With the stent mounted to the balloon, the transcatheter assembly is delivered through a percutaneous opening (not shown) in the patient via the delivery catheter. The implantation location is located by inserting the guide wire into the patient, which guide wire extends from a distal end of the delivery catheter, with the balloon catheter otherwise retracted within the delivery catheter. The balloon catheter is then advanced distally from the delivery catheter along the guide wire, with the balloon and stent positioned relative to the implantation location. In an alternative embodiment, the stent is delivered to an implantation location via a minimally invasive surgical incision (i.e., non-percutaneously). In another alternative embodiment, the stent is delivered via open heart/chest surgery. In one embodiment of the stents of the invention, the stent includes a radiopaque, echogenic, or MRI visible material to facilitate visual confirmation of proper placement of the stent. Alternatively, other known surgical visual aids can be incorporated into the stent. The techniques described relative to placement of the stent within the heart can be used both to monitor and correct the placement of the stent in a longitudinal direction relative to the length of the anatomical structure in which it is positioned.

Once the stent is properly positioned, the balloon catheter is operated to inflate the balloon, thus transitioning the stent to an expanded state. Alternatively, where the support structure is formed of a shape memory material, the stent can self-expand to its expanded state.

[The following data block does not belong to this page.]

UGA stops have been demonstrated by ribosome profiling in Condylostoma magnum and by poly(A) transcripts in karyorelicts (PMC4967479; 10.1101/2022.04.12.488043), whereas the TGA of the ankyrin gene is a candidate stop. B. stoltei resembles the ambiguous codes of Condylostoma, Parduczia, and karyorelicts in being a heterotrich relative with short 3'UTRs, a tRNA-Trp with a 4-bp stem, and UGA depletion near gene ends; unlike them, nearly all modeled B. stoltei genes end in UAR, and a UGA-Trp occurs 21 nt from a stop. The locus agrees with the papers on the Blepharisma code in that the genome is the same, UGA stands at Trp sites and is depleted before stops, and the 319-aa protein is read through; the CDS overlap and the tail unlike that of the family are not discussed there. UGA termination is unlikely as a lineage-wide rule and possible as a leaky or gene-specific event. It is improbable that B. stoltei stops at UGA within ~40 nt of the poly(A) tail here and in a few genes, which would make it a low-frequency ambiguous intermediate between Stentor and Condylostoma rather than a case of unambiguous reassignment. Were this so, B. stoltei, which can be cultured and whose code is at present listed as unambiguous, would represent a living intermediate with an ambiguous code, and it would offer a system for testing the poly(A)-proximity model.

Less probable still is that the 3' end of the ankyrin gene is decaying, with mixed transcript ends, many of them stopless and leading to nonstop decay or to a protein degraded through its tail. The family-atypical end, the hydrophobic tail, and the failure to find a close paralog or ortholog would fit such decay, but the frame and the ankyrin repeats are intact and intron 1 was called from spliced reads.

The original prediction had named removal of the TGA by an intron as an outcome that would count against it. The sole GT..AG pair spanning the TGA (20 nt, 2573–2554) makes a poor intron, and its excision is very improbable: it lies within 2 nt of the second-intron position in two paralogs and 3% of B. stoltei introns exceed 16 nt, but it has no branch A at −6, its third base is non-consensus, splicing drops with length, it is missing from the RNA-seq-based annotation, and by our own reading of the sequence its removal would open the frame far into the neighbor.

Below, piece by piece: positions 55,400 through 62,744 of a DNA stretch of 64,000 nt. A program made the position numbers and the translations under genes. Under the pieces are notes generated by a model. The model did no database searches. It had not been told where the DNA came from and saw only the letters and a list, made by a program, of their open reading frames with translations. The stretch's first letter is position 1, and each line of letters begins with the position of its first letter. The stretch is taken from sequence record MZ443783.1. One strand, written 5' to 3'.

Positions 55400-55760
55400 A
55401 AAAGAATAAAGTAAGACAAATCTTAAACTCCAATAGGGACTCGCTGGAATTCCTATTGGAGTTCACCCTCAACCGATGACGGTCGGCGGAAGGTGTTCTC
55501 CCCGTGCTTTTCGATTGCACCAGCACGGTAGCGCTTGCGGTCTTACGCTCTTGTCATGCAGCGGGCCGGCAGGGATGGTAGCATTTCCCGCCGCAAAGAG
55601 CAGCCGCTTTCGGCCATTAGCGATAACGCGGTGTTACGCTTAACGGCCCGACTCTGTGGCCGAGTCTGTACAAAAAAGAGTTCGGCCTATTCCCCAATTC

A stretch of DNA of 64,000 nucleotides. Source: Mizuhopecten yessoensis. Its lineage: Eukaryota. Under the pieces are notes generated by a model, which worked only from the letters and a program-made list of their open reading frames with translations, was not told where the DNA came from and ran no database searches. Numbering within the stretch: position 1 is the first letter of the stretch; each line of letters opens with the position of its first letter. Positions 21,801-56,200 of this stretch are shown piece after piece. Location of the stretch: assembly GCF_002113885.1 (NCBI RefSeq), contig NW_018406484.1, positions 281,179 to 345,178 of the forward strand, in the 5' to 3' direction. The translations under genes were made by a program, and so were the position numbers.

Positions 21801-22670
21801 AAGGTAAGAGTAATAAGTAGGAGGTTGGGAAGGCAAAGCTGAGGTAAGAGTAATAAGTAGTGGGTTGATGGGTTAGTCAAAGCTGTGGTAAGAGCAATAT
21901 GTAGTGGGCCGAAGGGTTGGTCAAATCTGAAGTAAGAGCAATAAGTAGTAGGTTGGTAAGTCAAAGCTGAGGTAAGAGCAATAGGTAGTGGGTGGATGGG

The present invention has now been described with reference to several embodiments thereof. The entire disclosure of any patents, patent applications, publications and journal articles identified herein is hereby incorporated by reference. The foregoing detailed description and examples have been given for clarity of understanding only. No unnecessary limitations are to be understood therefrom. It will be apparent to those skilled in the art that many changes can be made in the embodiments described without departing from the scope of the invention. Thus, the scope of the present invention should not be limited to the structures described herein, but only by the structures described by the language of the claims and the equivalents of those structures.

Referenced by
Citing PatentFiling datePublication dateApplicantTitle
US20110208283 *Feb 24, 2010Aug 25, 2011Rust Matthew JTranscatheter valve structure and methods for valve delivery
US20110264191 *Apr 21, 2011Oct 27, 2011Medtronic, Inc.Delivery Systems and Methods of Implantation for Prosthetic Heart Valves
US20140031923 *Jul 25, 2012Jan 30, 2014Medtronic Vascular Galway LimitedTrans-Aortic Surgical Syringe-Type Device for Deployment of a Prosthetic Valve
WO2011133792A1 *Apr 21, 2011Oct 27, 2011Medtronic Inc.Delivery systems and methods of implantation for prosthetic heart valves
Classifications
U.S. Classification623/1.11, 623/2.11, 623/1.36, 623/1.24
International ClassificationA61F2/24, A61F2/06
Cooperative ClassificationA61F2/2436, A61F2/2418, A61F2002/9505, A61F2002/9511, A61F2250/0098, A61F2/2412
European ClassificationA61F2/24H4, A61F2/24D
Legal Events
DateCodeEventDescription
Apr 2, 2009ASAssignment
Owner name: MEDTRONIC, INC., MINNESOTA
Free format text: ASSIGNMENT OF ASSIGNORS INTEREST;ASSIGNORS:TABOR, CHARLES;ROTHSTEIN, PAUL;BLOOM, ELIOT;REEL/FRAME:022493/0703;SIGNING DATES FROM 20090311 TO 20090401